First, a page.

Improving educational outcomes for children and young people from travelling cultures: guidance

Guidance for local authorities, schools, early learning and childcare settings to help support children, young people and their families to engage in education.

Annex D. Reflection

This Annex lists the reflective questions in Sections 2 and 3 of this guidance. It may be a useful in helping consider the Traveller perspective against the reflective questions set out in HGIOS4.

A further source of reflective material is Education Scotland's Recognising and Realising Children's Rights, a professional learning resource to promote self‑evaluation and improvement planning. Additional reflective material can be found in the children's rights based Common Core of values and practices that has been designed by and for children working with Scottish practitioners. It can be used for personal and/or organisational self-evaluation.

Section 2. Leadership and Management – Reflective questions

  • How effective are our processes for involving local families from mobile cultures in the ongoing review of our vision, aims and values, school policies and approaches to communicating with parents?
  • Do we consider the needs of children from travelling cultures in our approach to pupil participation and learner voice? Do we provide purposeful, participatory opportunities in all arenas of school life? Do we use participatory approaches to encourage relations that are equitable?
  • How effective are the links with other agencies and people (e.g. social work services, local health board, Family Learning Professionals, CLD (Community Learning and Development), Traveller Education Network (TENET)) in engaging and addressing the needs of Traveller communities, including families where children are not at school?
  • How well do we seek out and respond positively to potential partnerships which will lead to better outcomes for the children and young people we work with?
  • How effectively are incidents relating to racial discrimination acted upon to ensure lessons are learnt and prevent future occurrences?
  • Are staff up to date with processes for travelling communities and are our systems regularly reviewed?
  • How effective is our communication with families around expectations?
  • What range of data and information do we use to understand the social, economic and cultural context of the mobile cultures within our local community?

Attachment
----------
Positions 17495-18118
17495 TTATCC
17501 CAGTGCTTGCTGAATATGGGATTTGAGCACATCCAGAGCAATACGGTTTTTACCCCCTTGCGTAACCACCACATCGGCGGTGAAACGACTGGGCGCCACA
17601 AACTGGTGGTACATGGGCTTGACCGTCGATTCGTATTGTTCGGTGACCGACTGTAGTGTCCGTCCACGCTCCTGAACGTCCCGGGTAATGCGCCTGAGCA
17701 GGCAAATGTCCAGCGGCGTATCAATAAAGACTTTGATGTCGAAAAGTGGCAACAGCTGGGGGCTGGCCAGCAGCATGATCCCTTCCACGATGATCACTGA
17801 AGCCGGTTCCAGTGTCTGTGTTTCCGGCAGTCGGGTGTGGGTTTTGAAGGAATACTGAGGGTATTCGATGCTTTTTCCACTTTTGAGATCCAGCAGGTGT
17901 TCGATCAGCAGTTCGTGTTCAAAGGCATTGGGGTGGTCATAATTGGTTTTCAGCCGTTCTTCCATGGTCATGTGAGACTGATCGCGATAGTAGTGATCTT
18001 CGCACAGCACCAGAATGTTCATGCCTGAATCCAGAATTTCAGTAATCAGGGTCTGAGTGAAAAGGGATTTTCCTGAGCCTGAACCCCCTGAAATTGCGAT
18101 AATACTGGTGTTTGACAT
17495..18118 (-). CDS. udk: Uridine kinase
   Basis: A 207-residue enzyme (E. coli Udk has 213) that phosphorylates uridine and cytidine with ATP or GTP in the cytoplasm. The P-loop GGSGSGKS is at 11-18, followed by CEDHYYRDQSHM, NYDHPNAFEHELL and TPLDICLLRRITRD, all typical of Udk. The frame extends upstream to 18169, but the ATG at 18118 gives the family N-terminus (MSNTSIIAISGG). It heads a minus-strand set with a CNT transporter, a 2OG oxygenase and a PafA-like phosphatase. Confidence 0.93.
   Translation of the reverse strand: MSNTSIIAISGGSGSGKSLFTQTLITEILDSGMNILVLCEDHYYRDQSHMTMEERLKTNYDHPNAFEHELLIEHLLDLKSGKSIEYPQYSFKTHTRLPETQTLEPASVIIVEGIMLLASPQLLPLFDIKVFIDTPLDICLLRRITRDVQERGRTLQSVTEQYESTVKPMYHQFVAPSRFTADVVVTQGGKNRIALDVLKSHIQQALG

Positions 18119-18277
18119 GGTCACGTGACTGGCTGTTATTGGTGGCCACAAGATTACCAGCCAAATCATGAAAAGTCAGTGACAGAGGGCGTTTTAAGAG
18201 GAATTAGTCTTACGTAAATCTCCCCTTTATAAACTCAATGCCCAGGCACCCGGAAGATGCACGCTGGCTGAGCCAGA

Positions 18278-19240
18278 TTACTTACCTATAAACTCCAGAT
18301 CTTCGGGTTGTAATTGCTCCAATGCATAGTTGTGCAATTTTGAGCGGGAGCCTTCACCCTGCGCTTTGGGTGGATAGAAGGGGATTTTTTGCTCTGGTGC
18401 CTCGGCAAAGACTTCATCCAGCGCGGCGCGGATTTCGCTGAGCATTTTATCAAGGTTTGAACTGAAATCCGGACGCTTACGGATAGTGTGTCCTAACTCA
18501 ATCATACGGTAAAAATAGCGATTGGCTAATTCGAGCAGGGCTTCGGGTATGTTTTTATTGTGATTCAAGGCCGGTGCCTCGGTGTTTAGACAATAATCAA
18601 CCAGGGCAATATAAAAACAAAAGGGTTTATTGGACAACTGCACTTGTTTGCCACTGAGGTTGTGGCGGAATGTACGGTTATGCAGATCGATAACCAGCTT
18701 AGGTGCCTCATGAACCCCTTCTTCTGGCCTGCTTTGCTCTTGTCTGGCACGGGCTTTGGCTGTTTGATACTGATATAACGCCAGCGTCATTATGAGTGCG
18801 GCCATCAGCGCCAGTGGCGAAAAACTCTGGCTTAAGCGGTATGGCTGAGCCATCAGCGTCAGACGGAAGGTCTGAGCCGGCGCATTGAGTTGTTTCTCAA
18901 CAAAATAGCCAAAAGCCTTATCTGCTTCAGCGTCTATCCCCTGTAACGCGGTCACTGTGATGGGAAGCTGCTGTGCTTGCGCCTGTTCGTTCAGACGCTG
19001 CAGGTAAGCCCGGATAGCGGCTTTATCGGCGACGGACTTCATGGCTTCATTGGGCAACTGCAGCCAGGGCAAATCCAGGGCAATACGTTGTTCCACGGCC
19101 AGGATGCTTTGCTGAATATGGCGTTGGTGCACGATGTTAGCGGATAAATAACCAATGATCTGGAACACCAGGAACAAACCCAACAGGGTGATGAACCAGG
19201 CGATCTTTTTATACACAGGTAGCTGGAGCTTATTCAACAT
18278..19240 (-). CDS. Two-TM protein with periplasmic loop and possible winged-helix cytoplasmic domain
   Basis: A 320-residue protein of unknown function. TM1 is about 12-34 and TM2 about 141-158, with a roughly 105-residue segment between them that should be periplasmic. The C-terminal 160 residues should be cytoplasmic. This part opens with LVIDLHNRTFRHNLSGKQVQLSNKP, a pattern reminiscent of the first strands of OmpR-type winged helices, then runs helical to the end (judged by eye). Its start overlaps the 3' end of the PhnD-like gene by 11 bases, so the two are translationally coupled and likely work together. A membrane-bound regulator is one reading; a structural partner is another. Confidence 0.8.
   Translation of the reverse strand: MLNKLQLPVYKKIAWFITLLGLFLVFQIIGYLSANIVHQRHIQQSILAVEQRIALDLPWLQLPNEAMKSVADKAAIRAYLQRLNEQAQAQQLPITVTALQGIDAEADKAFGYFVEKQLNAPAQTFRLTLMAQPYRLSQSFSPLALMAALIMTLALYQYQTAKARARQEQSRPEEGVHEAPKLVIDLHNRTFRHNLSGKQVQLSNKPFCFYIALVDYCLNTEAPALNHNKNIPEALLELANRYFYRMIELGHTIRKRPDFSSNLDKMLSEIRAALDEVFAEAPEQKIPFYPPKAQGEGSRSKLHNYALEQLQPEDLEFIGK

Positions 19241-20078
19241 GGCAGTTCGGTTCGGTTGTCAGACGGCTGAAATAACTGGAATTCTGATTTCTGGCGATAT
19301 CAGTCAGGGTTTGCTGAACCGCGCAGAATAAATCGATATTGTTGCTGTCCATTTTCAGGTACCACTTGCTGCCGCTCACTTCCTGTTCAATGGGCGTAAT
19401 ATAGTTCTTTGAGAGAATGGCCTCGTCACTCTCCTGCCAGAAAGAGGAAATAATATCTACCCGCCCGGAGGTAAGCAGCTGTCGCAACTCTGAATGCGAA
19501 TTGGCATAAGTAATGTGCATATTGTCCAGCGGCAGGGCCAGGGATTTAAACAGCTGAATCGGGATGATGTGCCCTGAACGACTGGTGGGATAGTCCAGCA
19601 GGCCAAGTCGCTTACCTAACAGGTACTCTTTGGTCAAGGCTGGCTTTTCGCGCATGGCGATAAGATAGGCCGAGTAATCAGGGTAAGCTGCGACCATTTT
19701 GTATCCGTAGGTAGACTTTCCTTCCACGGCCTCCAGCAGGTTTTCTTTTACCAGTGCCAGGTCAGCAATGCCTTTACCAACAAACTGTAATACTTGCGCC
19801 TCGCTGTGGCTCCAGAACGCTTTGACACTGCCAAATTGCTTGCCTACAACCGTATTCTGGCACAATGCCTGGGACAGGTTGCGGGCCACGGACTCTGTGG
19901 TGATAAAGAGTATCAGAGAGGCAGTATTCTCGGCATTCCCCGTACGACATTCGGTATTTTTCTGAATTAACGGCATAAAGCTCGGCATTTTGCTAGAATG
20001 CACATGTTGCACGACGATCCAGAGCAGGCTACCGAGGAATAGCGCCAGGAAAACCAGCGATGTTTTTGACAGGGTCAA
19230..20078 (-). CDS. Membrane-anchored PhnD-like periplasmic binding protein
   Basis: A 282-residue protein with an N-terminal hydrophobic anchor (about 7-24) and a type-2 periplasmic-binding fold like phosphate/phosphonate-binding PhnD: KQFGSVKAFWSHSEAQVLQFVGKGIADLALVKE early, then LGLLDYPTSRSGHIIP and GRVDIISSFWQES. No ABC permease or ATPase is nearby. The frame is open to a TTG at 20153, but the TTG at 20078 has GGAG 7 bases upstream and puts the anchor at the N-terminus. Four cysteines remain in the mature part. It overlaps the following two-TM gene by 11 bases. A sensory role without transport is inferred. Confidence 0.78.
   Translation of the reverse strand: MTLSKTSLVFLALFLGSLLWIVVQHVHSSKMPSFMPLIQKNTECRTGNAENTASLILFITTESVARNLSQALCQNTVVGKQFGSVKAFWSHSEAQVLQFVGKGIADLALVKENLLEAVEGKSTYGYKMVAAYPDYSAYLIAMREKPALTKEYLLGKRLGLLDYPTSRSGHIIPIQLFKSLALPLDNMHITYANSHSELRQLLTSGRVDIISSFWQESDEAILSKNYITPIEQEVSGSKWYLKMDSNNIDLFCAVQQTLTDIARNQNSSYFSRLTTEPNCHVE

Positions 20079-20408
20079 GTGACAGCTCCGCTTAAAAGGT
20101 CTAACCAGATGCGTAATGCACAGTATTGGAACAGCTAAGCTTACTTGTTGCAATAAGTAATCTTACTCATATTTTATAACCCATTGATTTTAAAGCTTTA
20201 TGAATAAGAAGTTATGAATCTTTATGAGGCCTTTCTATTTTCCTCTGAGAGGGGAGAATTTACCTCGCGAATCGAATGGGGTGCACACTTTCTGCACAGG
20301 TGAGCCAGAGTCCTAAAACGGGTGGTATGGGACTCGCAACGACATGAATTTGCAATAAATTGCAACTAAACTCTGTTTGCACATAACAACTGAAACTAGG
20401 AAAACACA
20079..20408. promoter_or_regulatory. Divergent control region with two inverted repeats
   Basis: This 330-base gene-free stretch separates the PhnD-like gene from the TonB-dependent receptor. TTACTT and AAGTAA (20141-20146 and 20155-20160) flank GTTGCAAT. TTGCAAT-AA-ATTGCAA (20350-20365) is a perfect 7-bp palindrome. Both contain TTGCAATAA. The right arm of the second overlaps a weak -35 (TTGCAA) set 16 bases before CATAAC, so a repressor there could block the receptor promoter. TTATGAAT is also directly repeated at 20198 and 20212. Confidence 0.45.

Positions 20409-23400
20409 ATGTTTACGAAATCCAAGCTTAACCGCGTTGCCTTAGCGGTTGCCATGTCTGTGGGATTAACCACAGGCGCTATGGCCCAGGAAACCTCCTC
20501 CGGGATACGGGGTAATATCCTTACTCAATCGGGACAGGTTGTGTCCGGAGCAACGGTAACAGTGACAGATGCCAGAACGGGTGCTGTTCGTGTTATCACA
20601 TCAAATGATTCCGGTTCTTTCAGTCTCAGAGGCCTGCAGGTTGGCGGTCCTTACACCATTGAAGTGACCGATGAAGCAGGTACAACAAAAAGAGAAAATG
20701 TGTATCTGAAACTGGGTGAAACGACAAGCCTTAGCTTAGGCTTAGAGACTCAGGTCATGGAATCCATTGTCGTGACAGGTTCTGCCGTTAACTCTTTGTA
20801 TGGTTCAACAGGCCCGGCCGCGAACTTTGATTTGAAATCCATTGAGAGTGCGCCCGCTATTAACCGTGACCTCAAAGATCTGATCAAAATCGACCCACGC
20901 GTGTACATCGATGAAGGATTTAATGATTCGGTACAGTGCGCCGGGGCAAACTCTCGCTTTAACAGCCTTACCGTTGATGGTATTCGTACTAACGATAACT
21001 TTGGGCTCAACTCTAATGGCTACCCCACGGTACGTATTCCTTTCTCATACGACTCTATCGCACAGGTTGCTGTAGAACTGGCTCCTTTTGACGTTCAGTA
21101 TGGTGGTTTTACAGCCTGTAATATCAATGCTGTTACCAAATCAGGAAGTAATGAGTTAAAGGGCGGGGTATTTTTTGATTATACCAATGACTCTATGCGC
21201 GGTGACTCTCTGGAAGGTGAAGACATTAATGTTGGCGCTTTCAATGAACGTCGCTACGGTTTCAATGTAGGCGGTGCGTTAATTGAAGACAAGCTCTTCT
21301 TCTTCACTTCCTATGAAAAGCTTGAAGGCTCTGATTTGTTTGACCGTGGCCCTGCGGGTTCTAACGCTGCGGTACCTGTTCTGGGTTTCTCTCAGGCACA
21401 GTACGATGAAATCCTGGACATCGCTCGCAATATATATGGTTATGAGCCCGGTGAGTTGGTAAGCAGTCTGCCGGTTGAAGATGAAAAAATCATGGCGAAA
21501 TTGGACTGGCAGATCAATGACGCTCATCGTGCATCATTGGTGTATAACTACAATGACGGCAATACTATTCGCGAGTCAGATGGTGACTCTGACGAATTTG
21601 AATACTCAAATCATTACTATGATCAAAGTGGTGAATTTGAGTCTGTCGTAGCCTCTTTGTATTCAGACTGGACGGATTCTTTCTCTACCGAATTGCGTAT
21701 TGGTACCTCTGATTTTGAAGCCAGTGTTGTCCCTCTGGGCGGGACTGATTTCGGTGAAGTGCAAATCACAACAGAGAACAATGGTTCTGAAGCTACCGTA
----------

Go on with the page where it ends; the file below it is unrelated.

• How reliable is our evidence of impact on the learning of the pupils?
  • How effective are our planning, recording and information transfer processes for children from mobile communities?
  • How well do all staff understand their role and responsibility in supporting Travellers' wellbeing?
  • To what extent do we critically engage with research, policy sources and developments in learning and teaching for mobile cultures?
  • How effectively do we use our resources to meet the learning needs of children from travelling cultures and ensure equity?
  • How reliable is our evidence of impact on the learning of the pupils?
  • Do we need to adjust our learning to meet Travellers' needs, and if so, how?

Section 3. Learning Provision– Reflective questions

  • To what extent is our school an inclusive learning environment for children and young people from travelling cultures?
  • How well does our curriculum planning meet the needs of children and young people from travelling cultures?
  • Are there further opportunities for flexibility in the way we provide education which will benefit Travellers?
  • Are there further opportunities to use digital delivery of learning and teaching to reach Traveller pupils?
  • Can technology support better communication and engagement with families?
  • Does the school have effective assessment systems in place to identify the needs of the children and young people from travelling cultures?
  • How effective are our approaches for Traveller children and young people to ensure that there is effective curriculum planning and opportunities for their entitlement to support?
  • How do we know if support is having the desired impact of improving outcomes for children and young people from travelling cultures?
  • In what ways is the family support we provide encouraging young people to learn?
  • How are we ensuring that our provision is responsive to the needs of Traveller families?
  • To what extent do our processes for involving children and families and other agencies ensure effective transitions for Traveller learners?
  • To what extent does our curriculum provide opportunities for support and induction into the next stage of learning?


Email: Lynne Carter

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